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Benefits of Trees
Erv Evans, North Carolina State University College of Agriculture and Life Sciences, Trees of Strength
Many wonderful facts about what trees do for the environment, including:
- A tree can be a natural air conditioner. The evaporation from a single tree can produce the cooling effect of 10 room size air conditioners operating 20 hours a day.
- A well placed tree can reduce noise by as much as 40 percent.
- Trees help settle out and trap dust, pollen and smoke from the air. The dust level in the air can be as much as 75 percent lower on the sheltered side of the tree compared to the windward side.
- Trees absorb carbon dioxide and potentially harmful gasses, such as sulfur dioxide, carbon monoxide, from the air and release oxygen.
Seaport Section Remains Big Question Mark in NYC’s Flood Control Plans
By Neil deMause, City Limits, Nov. 6, 2019
The story includes plans for Battery Park. See, New York know how to build a resilient park: “To protect from storm surge, a raised bike path will be built in the inland part of the park, allowing most of the park to remain closer to river level, since a park can survive storm-surge flooding mostly unscathed.”
On Your Bike, Watch Out for the Air
By Richard Schiffman, New York Times, 2017
“…bicyclists in lanes that are separated from active traffic by a row of parked cars breathe in a lot less pollution than those who use bike lanes adjacent to the traffic.” And surely much less pollution when on the promenade at East River Park, a major bike commuting route that we will lose if the city tears down the park next year.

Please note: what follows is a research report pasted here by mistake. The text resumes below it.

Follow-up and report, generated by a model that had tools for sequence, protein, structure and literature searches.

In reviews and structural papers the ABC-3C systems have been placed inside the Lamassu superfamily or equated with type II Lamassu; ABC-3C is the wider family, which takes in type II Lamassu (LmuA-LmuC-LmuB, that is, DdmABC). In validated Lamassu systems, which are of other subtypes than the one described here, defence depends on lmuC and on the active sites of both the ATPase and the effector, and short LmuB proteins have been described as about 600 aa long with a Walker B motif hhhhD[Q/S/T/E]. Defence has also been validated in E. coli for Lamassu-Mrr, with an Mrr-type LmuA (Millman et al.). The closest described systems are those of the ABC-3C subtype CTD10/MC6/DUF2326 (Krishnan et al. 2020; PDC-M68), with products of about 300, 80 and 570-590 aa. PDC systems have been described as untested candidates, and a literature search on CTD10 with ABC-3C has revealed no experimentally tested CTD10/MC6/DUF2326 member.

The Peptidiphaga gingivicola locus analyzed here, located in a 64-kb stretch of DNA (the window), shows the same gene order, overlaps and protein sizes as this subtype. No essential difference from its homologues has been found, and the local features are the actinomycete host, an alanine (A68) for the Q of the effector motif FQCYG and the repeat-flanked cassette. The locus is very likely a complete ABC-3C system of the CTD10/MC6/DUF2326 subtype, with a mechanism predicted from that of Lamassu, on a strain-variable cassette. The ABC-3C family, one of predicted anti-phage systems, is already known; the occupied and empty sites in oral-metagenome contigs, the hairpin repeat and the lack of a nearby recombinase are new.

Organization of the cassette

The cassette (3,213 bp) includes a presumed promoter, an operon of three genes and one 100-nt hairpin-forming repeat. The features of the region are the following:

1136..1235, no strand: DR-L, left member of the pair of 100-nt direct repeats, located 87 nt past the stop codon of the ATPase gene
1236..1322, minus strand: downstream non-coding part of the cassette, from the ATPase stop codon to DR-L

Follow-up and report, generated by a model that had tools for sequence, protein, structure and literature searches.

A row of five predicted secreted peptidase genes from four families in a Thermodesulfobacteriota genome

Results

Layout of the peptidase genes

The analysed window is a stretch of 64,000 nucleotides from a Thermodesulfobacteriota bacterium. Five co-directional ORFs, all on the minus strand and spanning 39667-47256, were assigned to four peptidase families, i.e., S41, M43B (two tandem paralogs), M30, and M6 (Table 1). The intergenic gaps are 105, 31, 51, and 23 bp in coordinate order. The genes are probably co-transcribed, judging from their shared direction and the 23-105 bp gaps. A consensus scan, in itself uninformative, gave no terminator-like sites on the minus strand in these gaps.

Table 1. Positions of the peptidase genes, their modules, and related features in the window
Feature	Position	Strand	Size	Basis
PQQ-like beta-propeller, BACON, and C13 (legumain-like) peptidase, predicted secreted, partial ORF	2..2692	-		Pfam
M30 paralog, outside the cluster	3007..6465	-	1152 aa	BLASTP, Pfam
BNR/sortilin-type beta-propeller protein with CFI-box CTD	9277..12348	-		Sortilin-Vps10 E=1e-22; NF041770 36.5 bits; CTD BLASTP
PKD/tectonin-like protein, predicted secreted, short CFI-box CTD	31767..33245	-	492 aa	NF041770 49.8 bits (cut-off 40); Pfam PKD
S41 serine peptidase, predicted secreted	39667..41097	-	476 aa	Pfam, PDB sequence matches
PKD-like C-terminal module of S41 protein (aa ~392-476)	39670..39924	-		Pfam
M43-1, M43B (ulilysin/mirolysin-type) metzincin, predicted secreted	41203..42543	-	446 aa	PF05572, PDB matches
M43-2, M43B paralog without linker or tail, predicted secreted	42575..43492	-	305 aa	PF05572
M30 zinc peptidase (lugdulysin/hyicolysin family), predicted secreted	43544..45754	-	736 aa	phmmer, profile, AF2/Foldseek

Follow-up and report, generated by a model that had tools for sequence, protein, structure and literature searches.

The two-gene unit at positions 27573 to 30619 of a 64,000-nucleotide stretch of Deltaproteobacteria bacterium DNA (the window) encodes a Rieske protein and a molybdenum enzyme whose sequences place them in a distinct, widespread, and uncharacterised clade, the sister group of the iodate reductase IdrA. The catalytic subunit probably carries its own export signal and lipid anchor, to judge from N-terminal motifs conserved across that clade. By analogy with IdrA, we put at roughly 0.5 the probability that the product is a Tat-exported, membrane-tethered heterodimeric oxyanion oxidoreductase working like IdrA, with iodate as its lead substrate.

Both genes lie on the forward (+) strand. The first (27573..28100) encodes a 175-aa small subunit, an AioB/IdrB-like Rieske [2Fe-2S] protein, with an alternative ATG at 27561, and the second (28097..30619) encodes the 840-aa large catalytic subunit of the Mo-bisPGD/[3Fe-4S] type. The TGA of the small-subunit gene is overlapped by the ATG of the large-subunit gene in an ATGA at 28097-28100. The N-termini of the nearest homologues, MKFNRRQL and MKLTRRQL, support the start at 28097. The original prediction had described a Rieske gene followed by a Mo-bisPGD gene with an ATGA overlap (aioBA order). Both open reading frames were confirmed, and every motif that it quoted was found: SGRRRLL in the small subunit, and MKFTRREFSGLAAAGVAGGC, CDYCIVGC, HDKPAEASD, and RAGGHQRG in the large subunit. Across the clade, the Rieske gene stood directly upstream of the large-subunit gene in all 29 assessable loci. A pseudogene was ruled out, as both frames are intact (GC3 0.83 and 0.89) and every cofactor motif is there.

The rain in Spain: how an ancient Arabic technique saves Alicante from floods
“To protect itself from destructive flooding, the city has built a park designed to store and recycle rainwater” The Guardian
Now that’s resiliency. €3.7 million to build and €50,000 a year to maintain. C’mon New York, get creative.
Summer in the City Is Hot, but Some Neighborhoods Suffer More
By Nadja Popovich and Christopher Flavelle, New York Times, Aug 9, 2019
“As the United States suffers through a summer of record-breaking heat, new research shows that temperatures on a scorching summer day can vary as much as 20 degrees across different parts of the same city, with poor or minority neighborhoods often bearing the brunt of that heat.”
“Buildings and paved surfaces – like major roadways, uncovered parking lots and industrial zones – amplified heat, while large parks and other green spaces cooled down the surrounding areas.”
Think about the temperatures for the East Village and Lower East Side will be when 981 mature trees and all the greenery in East River Park are destroyed next year!
Tree planting ‘has mind-blowing potential’ to tackle climate crisis
The Guardian, July 2019
Planting billions of trees is a good, inexpensive way to stall climate change. Instead of cutting down the 980 matures trees in East River Park, New York should be thinking of ways to preserve most of the park and plant more trees.
How Much Nature Is Enough? 120 Minutes a Week, Doctors Say
New York Times, June 13, 2019, By Knvul Sheikh
“It’s a medical fact: Spending time outdoors, especially in green spaces, is good for you.”
The Healing Power of Gardens
by Oliver Sacks, the late great neurologist and writer, New York Times Magazine, April 18, 2019
“The role that nature plays in health and healing becomes even more critical for people working long days in windowless offices, for those living in city neighborhoods without access to green spaces, for children in city schools or for those in institutional settings such as nursing homes. The effects of nature’s qualities on health are not only spiritual and emotional but physical and neurological.”
Rebuilt Wetlands Can Protect Shorelines Better Than Walls
by Rowan Jacobsen, Scientific American, 2019
“Fortified wetlands can protect shorelines better than hard structures.” This needs to be taken into account for ESCR flood protection. The current plan is a hard structure.